The Monster family welcomes a new member in the coming model year, with the range-topping 2023 Ducati Monster SP, which also includes the standard Monster and Monster+ models. As is tradition for the Bologna-based brand, models bearing the coveted “SP” designation are loaded to the hilt with top-tier performance components, and the 2023 Monster SP doesn’t disappoint.The sportiest member of the 937cc Testastretta engine-powered Monster lineup has plenty of new features. To that end, highlights include premium fully adjustable Öhlins suspension, upgraded Brembo brakes, a Termignoni slip-on exhaust, revised riding modes, and a lower curb weight. Now, let’s get into the Fast Facts.
Fully adjustable Öhlins suspension pushes the sporting narrative. Ducati has bestowed its Monster SP with gilded Öhlins NIX30 fork and STX 36 Supersport shock to provide a firmer setup for improved chassis feel in a wide variety of road and track conditions, along with increased travel for more cornering clearance. The Öhlins also tuck in the rake a degree to an aggressive 23 degrees, and trail shrinks 0.3 inches to 3.4 inches. To manage the more aggressive geometry, a steering damper is added to the mix.
The 2023 Ducati Monster SP is taller than its siblings. The longer-travel suspension hikes up the seat height, and the new seat has thicker foam. The result is a 0.8-inch saddle height increase to 33.1 inches. There are two accessory seats—one that raises the seat height to 33.5 inches and another that drops it to 31.9 inches.
Brembo Stylema calipers and lighter rotor flanges bump up performance. To help slow things down in a hurry, Ducati is leaning on some of the best production components available via four-piston monobloc Brembo Stylema calipers and lightweight aluminum rotor flanges on its 320mm discs. Together, the SP’s braking system saves 1.1 pounds compared to what’s seen on other Monsters. This should increase agility by reducing unsprung weight and inertia.
Termignoni gives more bark to the 937cc Testastretta L-twin engine’s bite. Italian exhaust manufacturer Termignoni and Ducati have quite a bit of history together, and it’s tough to argue a more iconic duo. The SP features a homologated slip-on muffler that enhances the Monster’s soulful tone. According to the spec sheet, Ducati is claiming the same punchy 111 horsepower at 9500 rpm and 69 ft-lbs of torque at 6500 rpm out of its lively twin-cylinder powerplant as other Monster models.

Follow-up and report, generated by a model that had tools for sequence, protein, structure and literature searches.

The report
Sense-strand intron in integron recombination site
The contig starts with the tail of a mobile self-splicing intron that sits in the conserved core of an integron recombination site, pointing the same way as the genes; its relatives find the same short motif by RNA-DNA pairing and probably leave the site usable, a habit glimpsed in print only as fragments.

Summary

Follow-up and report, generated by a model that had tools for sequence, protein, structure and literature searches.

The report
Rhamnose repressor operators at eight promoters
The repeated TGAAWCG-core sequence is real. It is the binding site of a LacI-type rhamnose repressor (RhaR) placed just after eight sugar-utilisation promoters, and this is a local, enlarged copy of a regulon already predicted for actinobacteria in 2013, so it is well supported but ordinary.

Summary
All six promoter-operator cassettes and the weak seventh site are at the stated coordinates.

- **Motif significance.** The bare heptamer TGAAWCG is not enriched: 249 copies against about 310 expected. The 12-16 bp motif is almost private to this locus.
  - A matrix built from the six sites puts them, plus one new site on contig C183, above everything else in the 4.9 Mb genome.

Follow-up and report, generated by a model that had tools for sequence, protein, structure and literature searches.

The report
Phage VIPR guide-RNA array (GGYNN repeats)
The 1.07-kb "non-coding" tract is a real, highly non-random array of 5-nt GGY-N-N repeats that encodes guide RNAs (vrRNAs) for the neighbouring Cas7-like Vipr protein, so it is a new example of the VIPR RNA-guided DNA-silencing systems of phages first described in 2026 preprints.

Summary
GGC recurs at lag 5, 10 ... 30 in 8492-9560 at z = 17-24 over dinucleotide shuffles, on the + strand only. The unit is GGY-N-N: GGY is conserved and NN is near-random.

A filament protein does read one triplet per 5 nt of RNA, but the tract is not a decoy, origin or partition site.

Curb weight is reduced to 410 pounds. Ducati shaved off 4.4 pounds compared to the standard Monster, thanks to the lighter fork (1.3 pounds), braking hardware, muffler, and a lithium-ion battery.
Riding modes are recalibrated to fit the SP mission. Three riding modes are available—Sport, Touring, and a new Wet setting. Aside from the self-explanatory Wet riding mode, the critical bit of information is that all riding modes are revamped to suit the SP’s sportier aspirations. Returning to the fold is the suite of IMU-supported electronic rider aids, including cornering ABS, lean-angle-sensitive traction control, wheelie control, up/down quickshifter, and launch control. This is all adjustable from the 4.3-inch TFT display.
Pirelli Diablo Rosso IV tires are standard issue.Pirelli describes its PDRIV as a supersport tire for the road, and we wouldn’t have it any other way on the Monster SP. The multi-compound tire should provide decent mileage and grip to help with the goals of Ducati’s most athletic Monster.
A unique MotoGP livery is one of the many attributes that set the SP apart. Matching the sport-leaning componentry featured on the Monster SP is a slick colorway inspired by the Ducati Lenovo Team GP22 racer. SP badging is seen throughout the motorcycle, along with a red saddle specific to this model.
The 2023 Ducati Monster SP has an MSRP of $15,595. Expect the Monster SP to arrive in dealers starting February 2023.
Studio photography by Andrea Sottana2023 Ducati Monster SP SpecsENGINE
Type: Testastretta 11° L-twin
Bore x stroke: 94 x 67.5mm
Maximum power: 111 horsepower @ 9250 rpm
Maximum torque: 69 ft-lbs @ 6500 rpm
Compression ratio: 13.3:1
Fueling: EFI w/ 53mm throttle bodies
Valvetrain: Four desmodromically actuated valves per cylinder
Hello everyone and welcome once again to Motos and Friends—the weekly Podcast brought to you by the editorial team at Ultimate Motorcycling.
My name is Arthur Coldwells.
In this week’s first segment, Senior Editor Nic de Sena rides the much anticipated Yamaha MT-10 SP. That’s the model with the Ohlins semi-active suspension. It’s only been available in Europe for the last couple of years, but finally the good news is, that it’s coming to America. The big question is, whether the extra 3k you’re going to have to pony up for the Ohlins is actually worth it, or perhaps there’s just not that much improvement over the stock KYB suspension that has suited the Yamaha MT-10 so well until now?
In the second segment, Associate Editor Teejay Adams chats with Val Collins. Val grew up on motorcycles and learned to love speed, however her real love is Formula 1 tunnel-boat racing. These are the guys and gals that are strapped into a tiny cockpit and then hurtle down the straights at 120 mile per hour and pull 5G in the corners. We attended the recent season finale in Lake Havasu and watched our friend Mike Quindazzi try to take the win. Val chats with Teejay about her love for two-wheels and tunnel-boats. Yeah, it’s crazy stuff.
From all of us here at Ultimate Motorcycling, we hope you enjoy this episode and have a great Thanksgiving Holiday!